Monday, August 14, 2006

“HOW CAN I HANDLE LOSS?” Part Three

F.: The key pointer is that the concept of “loss” is based in the concept of “ownership.” The next pointer is, “WHO is there to own anything?” There is energy which is real and there are assumed personas (ego-states, false identities, images, etc.) that are not real. First, see that energy can own nothing, then see that an image can own nothing. Can a mirage in a desert own the sand or the desert or a stretch of highway or the mountains in the distance? Since "personas" and "ownership" and "loss" are merely concepts, and since all concepts are lies, WHO thinks he/she has lost something?

Because “loss” is a concept (and since concepts are illusions and since illusions are always upheld by other concepts) see the illusory concepts that support any false sense of “loss”: (1) wanting to be comfortable, (2) claiming ownership (3) desiring continued ownership, and (4) experiencing the fear of “losing comfort” or “losing ownership.” Persons, as a result of that which drives them most—fears, wants and desires—will try to cling to the co-dependent counterparts that each ego-state requires in order to sustain the illusion that some false identity is real. For example, “The Spouse” must hang onto a spouse to continue to “exist”; “The Homeowner” must hang onto a house to continue to “exist”; “The One Who Has Worked for His Possessions” must hang onto the contents of an apartment or home in order to continue to “exist.” “Loss” is perceived by persons to be so dreadful not because of what is being "lost"—such as a spouse or house or possessions—but because “self” (some false identity) is seemingly being lost along with each “thing” or co-dependent counterpart that was sustaining that ego-state. “Loss” is never about a person that someone lost or about "stuff" that someone lost. It is, instead, about the perception that it is one’s very self that is being lost. It is the sense of losing one's identity (though the identity was a lie) that drives whatever pain persons claim to feel around "loss."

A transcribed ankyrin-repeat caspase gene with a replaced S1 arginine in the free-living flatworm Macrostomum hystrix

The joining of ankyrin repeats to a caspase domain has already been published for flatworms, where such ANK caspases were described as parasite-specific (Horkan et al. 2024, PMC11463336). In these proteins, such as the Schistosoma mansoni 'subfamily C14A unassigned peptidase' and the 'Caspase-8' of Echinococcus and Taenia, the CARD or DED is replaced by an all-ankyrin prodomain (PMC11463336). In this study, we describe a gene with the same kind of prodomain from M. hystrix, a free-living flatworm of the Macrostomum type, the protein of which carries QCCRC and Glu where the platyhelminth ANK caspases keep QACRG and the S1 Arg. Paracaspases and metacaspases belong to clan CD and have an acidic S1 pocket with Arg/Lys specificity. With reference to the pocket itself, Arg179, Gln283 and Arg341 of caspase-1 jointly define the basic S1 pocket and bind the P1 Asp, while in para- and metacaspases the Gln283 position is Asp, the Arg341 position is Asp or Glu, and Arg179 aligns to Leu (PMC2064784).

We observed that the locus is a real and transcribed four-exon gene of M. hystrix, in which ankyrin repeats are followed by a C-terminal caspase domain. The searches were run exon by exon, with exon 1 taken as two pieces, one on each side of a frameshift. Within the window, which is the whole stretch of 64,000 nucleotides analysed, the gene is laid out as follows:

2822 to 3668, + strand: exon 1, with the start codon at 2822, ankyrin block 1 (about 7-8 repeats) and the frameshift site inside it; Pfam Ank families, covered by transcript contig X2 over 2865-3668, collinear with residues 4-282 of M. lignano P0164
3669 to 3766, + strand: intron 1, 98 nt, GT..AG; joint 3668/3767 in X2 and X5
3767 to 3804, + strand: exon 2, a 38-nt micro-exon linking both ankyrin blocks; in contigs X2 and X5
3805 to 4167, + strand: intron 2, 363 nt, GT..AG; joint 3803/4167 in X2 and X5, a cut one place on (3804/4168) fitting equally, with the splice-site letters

Next, consider how “the desire for comfort” affects persons who feel they've lost something or someone. Perceived loss is exacerbated when one’s “comfort level” is interrupted. That which “seems” most comfortable to persons is that which is most familiar. When two social workers arrived to take an abused child away from the mother who had used cigarettes to burn the child from head to toe, the child fought with all her strength to prevent the workers from taking her out of her mother’s arms. As painful as it was to be with that mother, it was familiar, so the false sense of “comfort” that came with "familiarity" overrode even the sane drive for survival or for avoidance of those who inflict pain. Similarly with persons all across the globe, when certain roles they were playing come to an end, they hate not having that which was “familiar” and that which they thought was providing the comfort they wanted. Even when certain ego-states had been generating levels of suffering that were beyond description, people mourn when their false (but familiar) roles can no longer be played. Persons love the phony roles they play because they believe those roles define who they are; therefore, a repetition compulsion will typically drive them to find another person to play the co-dependent counterpart that is required to re-establish their illusory roles.

Next, the effects of a perceived loss are also exacerbated when one’s belief in the concept of “ownership” is challenged. Energy can own nothing, and the realized do not use possessives such as “my,” “mine,” etc. How could manifested energy own a house or have something called “my spouse”? Ownership is the stuff of ego-states. The indigenous peoples of the Americas had no word for “ownership.” The land was for all to use. It was the Europeans who brought to the Americans the Aryan notion of “owning.” If you own nothing, you can lose nothing, but you must know the difference in “the false you” and “the Real You” to reach that understanding. Please enter the silence of contemplation. [To be continued]